Many mystics and spiritual leaders believe the main goal of life is to unite with God/Infinite Intelligence. They believe uniting with God makes life blissful and brings higher wisdom and knowledge to an individual. For this reason, I researched on what great thinkers thought on how to unite with The Creator and I stumbled upon Epictetus’ idea.
According to Epictetus, you unite with God when you make God’s will your will. As he put it ‘A person who reasons well, understands and considers, that if he joins himself to God, he shall go safely through his journey. ‘How do you mean join himself to God?’ That whatever is the will of God may be his will too, that whatever is not the will of God, may not be his.’ (John Bonforte, Philosophy of Epictetus)
Epictetus thus trusted that accepting God’s will results in unity with God. According to him, you accept God’s will when you detach from everything since God subjected everything to change. You realize that nothing you have is permanent and you stop idolizing your material possessions.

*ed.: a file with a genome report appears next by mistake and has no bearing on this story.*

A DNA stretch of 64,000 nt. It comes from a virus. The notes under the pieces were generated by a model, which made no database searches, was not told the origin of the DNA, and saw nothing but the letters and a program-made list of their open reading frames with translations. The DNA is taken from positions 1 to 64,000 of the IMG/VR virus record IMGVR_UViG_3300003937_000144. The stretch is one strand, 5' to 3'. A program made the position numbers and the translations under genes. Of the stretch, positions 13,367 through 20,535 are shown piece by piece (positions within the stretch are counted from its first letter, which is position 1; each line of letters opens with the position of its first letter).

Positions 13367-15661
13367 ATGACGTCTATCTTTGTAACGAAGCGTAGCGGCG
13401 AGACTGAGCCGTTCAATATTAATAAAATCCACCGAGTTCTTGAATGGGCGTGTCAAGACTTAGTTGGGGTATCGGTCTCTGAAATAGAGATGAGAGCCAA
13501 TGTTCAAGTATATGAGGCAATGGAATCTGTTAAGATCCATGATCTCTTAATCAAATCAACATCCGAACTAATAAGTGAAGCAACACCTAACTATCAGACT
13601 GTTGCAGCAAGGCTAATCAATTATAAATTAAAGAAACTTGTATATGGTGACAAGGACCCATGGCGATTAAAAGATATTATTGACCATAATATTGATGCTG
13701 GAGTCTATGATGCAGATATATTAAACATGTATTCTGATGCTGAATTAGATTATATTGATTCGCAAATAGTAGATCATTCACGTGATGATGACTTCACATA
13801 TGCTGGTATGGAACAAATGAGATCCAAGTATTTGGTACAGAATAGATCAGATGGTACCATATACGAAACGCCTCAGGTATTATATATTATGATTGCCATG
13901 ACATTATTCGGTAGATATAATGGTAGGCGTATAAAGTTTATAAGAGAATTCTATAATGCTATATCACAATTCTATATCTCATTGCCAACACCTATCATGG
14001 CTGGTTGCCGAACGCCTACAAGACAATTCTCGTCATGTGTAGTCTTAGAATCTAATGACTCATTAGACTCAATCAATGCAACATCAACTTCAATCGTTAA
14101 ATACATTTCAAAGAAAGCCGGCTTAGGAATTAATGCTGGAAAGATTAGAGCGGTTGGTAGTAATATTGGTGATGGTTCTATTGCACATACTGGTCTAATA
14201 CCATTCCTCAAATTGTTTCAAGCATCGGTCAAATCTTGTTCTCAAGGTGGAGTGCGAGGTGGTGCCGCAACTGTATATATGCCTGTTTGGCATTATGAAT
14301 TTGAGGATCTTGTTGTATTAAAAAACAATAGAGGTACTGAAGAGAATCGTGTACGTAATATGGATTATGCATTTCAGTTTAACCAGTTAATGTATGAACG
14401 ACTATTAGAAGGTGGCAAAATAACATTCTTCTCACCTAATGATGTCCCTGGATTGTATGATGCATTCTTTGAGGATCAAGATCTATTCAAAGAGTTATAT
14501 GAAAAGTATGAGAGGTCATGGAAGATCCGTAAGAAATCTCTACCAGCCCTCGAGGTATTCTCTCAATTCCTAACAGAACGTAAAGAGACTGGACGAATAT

Epictetus also believed that to accept God’s will, you must avoid feeling sad when something bad happens to your possessions because doing so is resisting God’s will. Feeling bad when something happens to your possessions shows that you want to retain forever what God made temporary. The Stoic philosopher wanted us to thankfully receive whatever the universe gives us, and let it go without regrets when the universe takes it back.
Furthermore, he believed you make God’s will your will when you place your ‘pursuits under the direction of God’ and accept whatever life throws at you. For as he wrote, ‘Say to yourself, ‘I have placed my pursuits under the direction of God. Is it his will that I should have a fever? It is my will too. Is it his will that I should obtain anything? It is my will too.’ Epictetus trusted God so much that he believed that whatever God allowed to happen was good.
He believed God controlled everything including our experiences and possessions. He trusted that God determined what happens to us and what we can amass in this world.
To sum up, Epictetus believed that understanding that nothing is permanent and accepting whatever happens leads to unity with God.
‘Conduct me, O God, and thou, O destiny. Wherever your decrees have fixed my lot. I follow cheerfully.’ – Epictetus (John Bonforte, Philosophy of Epictetus)
Bonforte, J. (1955). Philosophy of Epictetus. New York: The Philosophical Library
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